By Stephen Young
By Stephen Young
By Stephen Young
By Jim Schutze
By Rachel Watts
By Lauren Drewes Daniels
I have been doing my best to look at the numbers, based on what I could hear on the tape and what was said at the more recent meetings.
The numbers are not adding up, folks.
The staff says they were counting on the new rail lines costing $40 million a mile to build. But, darn! All of a sudden it's going to cost $70 million.
On the tapes of that first meeting, however, the staff concedes a couple things in response to questions. First, they discovered the new higher cost last year!
Last year? Then what in the hell are they doing telling their own board of directors about it this year?
They also concede that they had built an inflation factor into the original estimates. That $40 million a mile was in Year 2000 dollars, estimated to increase at 4 percent a year. So by 2006, they were already estimating a cost of $51 million, by my calculation.
So even if the staff did get totally blind-sided by the new costs—meaning that they are idiots, which we will get to—that's still a jump of only 37 percent. So that would have put them in the hole more like $370 million, not a billion.
Back to the idiot factor. I looked at the U.S Bureau of Labor Statistics inflation index for heavy construction over this period of time, and I did find numbers that approach what the DART staff is claiming. In some of the years when they were supposedly inflating their costs by 4 percent a year, the costs actually went down. But a more recent surge would bring their per-mile costs to something like $63.5 million.
That's still not $70 million a mile. But maybe they have their own problems—reasons why their costs go up quite a bit faster than the national rate for their industry.
The point is, that surge started in 2004. That was almost four years ago now. The year before, in 2003, heavy construction costs went up 2.1 percent, according to the national index.
But then in 2004 the rate of inflation for heavy construction was 14.8 percent. The next year it was 15.3 percent. In 2006 it was 13.1 percent.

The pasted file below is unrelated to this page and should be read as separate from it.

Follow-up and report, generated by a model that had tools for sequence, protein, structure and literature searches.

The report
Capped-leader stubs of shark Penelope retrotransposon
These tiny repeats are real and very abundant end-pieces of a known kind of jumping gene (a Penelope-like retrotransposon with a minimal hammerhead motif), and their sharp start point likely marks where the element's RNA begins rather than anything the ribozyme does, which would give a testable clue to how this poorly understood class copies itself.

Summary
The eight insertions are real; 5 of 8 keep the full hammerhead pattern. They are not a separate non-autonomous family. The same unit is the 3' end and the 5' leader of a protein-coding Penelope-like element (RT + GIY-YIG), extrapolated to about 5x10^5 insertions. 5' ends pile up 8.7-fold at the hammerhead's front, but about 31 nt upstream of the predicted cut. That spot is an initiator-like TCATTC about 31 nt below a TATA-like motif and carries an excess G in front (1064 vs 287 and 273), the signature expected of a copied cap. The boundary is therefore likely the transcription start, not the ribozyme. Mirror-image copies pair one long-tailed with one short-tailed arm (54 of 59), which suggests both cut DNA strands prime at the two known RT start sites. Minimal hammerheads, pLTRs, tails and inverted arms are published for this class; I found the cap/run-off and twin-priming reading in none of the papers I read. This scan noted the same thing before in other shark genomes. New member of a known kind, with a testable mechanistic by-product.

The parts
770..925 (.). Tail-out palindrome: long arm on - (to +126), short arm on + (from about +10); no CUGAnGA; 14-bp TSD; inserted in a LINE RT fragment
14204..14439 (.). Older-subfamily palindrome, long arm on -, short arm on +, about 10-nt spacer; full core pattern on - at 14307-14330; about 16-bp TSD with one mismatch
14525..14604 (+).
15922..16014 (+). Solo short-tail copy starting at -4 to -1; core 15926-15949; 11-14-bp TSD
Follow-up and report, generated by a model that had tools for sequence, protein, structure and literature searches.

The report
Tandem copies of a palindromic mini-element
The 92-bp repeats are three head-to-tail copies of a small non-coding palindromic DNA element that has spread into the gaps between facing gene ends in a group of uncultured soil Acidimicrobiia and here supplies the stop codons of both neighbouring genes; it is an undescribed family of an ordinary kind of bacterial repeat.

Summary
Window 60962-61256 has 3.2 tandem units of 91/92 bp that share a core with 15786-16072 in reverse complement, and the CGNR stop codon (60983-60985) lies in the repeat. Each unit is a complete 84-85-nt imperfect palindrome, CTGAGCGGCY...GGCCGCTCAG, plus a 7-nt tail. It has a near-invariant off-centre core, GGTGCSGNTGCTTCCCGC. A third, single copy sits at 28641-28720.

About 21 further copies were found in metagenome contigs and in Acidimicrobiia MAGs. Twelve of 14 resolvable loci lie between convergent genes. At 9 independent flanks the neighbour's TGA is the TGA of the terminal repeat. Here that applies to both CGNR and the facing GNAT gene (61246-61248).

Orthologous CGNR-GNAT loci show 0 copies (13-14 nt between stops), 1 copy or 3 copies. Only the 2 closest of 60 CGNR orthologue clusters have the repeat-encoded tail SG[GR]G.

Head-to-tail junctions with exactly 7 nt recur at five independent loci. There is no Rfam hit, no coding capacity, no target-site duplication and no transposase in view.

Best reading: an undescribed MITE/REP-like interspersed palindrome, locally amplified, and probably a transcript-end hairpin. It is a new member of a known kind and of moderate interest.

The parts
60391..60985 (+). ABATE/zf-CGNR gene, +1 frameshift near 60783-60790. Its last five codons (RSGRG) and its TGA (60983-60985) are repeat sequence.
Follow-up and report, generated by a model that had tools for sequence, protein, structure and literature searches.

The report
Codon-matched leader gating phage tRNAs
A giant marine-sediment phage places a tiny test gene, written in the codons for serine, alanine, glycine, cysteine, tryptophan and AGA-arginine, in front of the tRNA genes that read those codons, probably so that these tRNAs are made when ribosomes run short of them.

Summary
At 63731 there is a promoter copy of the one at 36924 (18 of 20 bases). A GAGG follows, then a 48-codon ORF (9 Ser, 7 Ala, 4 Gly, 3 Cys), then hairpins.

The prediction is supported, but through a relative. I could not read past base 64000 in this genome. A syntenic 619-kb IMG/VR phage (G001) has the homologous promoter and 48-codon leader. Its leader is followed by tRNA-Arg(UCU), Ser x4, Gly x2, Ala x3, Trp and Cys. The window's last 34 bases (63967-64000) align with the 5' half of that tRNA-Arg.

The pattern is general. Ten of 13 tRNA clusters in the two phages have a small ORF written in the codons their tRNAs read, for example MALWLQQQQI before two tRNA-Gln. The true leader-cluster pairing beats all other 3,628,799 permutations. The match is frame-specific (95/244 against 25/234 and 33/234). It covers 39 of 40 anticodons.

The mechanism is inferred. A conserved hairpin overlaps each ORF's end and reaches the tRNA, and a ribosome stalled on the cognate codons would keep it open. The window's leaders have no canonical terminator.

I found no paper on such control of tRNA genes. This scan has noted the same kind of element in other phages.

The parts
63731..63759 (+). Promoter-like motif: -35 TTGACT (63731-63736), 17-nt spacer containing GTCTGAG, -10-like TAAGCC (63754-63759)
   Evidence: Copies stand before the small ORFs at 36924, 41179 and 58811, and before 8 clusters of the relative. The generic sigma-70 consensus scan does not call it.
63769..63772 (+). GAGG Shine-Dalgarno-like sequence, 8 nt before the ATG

That's a jump of 43 percent in three years—more than three times what they were expecting. But it started almost four years ago. Why in the hell are they only telling the board about it now?
In an e-mail response, DART told me they were waiting for a more complete design and a "more accurate and current picture of our financial situation."
Bad decision. It would have been way better to warn Mom and Dad about the credit card bill before it arrived in the mail. Very bad decision.
But I wonder about Mom and Dad, too, if they're the DART board of directors. At one point in the taped meeting, DART Chief Financial Officer Sharon Leary is explaining cost estimates and time lines for the new route to Irving and DFW Airport. She tells them the original estimate was $643 million in 2010 dollars. Now they think the real cost will be $881 million.
But guess what! They actually only have $575 million in the budget for it. Waaait a minute. If the original estimate was $643 million, why don't they have $643 million in the budget?
Leary tells the board: "In the 2003 financial plan, we had to find $130 million in unidentified Phase II savings to make the plans work, so $130 million was basically pulled out of that project."
When a board member asked her what she meant, Leary explained, "We just said we're going to make cuts in certain projects...you have to do the same amount of work for $575 million as you were going to do at $643 million."
Wait a minute. What does that mean—do the same amount for $575 million as for $643 million? Make bricks from straw?
In my e-mail to DART, I said I couldn't make these numbers add up right. Their response was: "In 2003, approximately $720 million was cut from the Capital Line item of the 20-year Financial Plan." But, they say, "...we could not achieve the desired savings on the current rail expansion projects."
So they whacked $720 million out of the capital budget to make the budget work. But the board never had the political balls to go back to its constituent cities and warn them they were getting $720 million less railroad. So, pardon me, but haven't we just explained the bulk of the missing Big B?
Maybe a third of it is inflation. And the other two-thirds is explained by the missing balls. That means that for the last four years the DART budget and all those railroads they've been promising the suburbs have all been one big fat political lie.
You know, people don't just wake up one day and realize they've misplaced a billion dollars. I wouldn't try that line in court.
Yeah, and on my tape of the meeting I could hear this long soulful silence, which I surmise was the board of directors stroking its collective chin and thinking, "Hoo-boy. These chickens are comin' home to roost, and these are our chickens."